The fact that menopause is becoming more widely discussed in the workplace is something to be celebrated. There is much hard work, predominantly led by women, around increasing the understanding of menopause and removing stigma and shame around this normal, natural phase in women’s lives. However, as the topic becomes more widely discussed, there is a growing trend for menopausal women to be discussed as a homogenous group, who all share an identical, challenging journey through menopause. This is not the case at all, and it is vital for workplaces to understand the distinctions and vast range of experiences of women, so that they may be supported in a way that is empowering and enables them to thrive at work
Work-related stress leading to employee physical pain
Lou Campbell, programme director of employee mental health company Wellbeing Partners, said the findings highlight the toll of stress at work. Speaking to HR magazine, she said: "Burnout from excessive work-related stress can lead to both physical and mental health issues. Inflammation is a particular side effect of chronic stress. “Providing employees with an in-house team of fully qualified wellbeing counsellors is what progressive employers are doing. Prevention of ill-health is much more cost effective than remedy for illness, and is also the right thing to do for employees' wellbeing."
Cost of living crisis has changed culture in SMEs
Lou Campbell, programme director of employee mental health service Wellbeing Partners, said employee mental health should be considered during this time. She said: "At Wellbeing Partners we’ve seen a 253% increase of employees accessing our one-to-one counselling and wellbeing coaching sessions, including a very large number of employees feeling anxious about issues related to the cost of living crisis. “It is imperative that workplaces train their managers to be able to have supportive conversations with team members who are struggling, as many are at the moment with financial strains.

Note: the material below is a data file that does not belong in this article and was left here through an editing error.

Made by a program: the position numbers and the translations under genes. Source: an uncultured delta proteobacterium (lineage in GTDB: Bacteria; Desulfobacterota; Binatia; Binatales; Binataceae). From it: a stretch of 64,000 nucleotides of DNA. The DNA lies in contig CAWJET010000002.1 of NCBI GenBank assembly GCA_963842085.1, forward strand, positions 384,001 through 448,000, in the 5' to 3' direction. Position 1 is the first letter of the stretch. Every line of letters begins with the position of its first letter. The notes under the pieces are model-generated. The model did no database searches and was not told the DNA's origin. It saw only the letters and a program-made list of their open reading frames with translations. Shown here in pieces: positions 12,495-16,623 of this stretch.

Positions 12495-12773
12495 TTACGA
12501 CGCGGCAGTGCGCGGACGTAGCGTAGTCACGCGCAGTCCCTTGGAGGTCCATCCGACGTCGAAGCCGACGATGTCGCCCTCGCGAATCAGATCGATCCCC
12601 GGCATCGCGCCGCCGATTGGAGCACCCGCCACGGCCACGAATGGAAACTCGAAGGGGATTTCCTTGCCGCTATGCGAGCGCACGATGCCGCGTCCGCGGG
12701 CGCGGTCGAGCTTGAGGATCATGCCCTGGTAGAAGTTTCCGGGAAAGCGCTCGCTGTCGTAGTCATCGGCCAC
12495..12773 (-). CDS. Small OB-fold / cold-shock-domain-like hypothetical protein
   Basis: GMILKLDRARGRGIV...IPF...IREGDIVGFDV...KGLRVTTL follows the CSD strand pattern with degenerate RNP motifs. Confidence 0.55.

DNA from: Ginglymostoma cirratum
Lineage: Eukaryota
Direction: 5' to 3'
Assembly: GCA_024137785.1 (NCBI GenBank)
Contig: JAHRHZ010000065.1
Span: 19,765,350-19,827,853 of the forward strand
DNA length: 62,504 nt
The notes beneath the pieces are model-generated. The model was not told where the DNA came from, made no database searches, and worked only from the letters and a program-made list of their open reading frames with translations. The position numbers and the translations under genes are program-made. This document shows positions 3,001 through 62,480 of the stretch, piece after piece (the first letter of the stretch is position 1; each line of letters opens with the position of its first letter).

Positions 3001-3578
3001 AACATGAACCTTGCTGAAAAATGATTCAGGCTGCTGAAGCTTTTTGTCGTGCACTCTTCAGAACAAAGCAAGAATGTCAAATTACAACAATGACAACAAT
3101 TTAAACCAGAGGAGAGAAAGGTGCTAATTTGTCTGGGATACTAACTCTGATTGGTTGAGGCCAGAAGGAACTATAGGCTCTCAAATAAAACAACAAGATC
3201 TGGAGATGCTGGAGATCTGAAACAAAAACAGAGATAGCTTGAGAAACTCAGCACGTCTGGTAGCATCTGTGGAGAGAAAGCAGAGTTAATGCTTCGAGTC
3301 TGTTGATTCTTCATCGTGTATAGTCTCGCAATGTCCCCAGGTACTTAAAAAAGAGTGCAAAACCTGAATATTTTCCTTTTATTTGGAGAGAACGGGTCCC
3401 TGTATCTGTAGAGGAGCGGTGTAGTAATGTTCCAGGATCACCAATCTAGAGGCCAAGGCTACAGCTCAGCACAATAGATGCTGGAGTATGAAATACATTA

It’s Time to Talk
2nd of February is “Time to Talk Day” in the United Kingdom. This awareness day focuses attention on mental health, one of the most pressing issues for organisations in 2023. However, the need to create an open environment for employees to talk about mental health must be balanced with psychological safety, meaning support that helps rather than hinders and gives those offering support clear boundaries and guidelines. This balancing act is something that many companies struggle with.
How to Cultivate a Workplace Culture of Wellbeing
The last 12 months have been challenging and ongoing uncertainty suggests we need to be especially supportive of our mental health as we head into 2023. Responsible and progressive organisations must help create and environment that supports employee mental wellbeing, both for the good of the individual and the productivity and output of the organisation. This approach coupled with individuals engaging in activities and techniques that promote good mental health offers a firm grounding on which to develop resilient individuals
Can a robust employee experience counteract the quiet quitting trend?
Lou Campbell, co-founder and programmes director of Wellbeing Partners, believes that the phrase '(quiet quitting) is disrespectful to hard-working people that have experienced very difficult times. “This trend labelled quiet quitting comes from a moment in history where people have played a huge role in keeping the economy afloat throughout the pandemic,” Campbell says. “People carried on working long hours dealing with very difficult situations and that has led to a high degree of burnout.”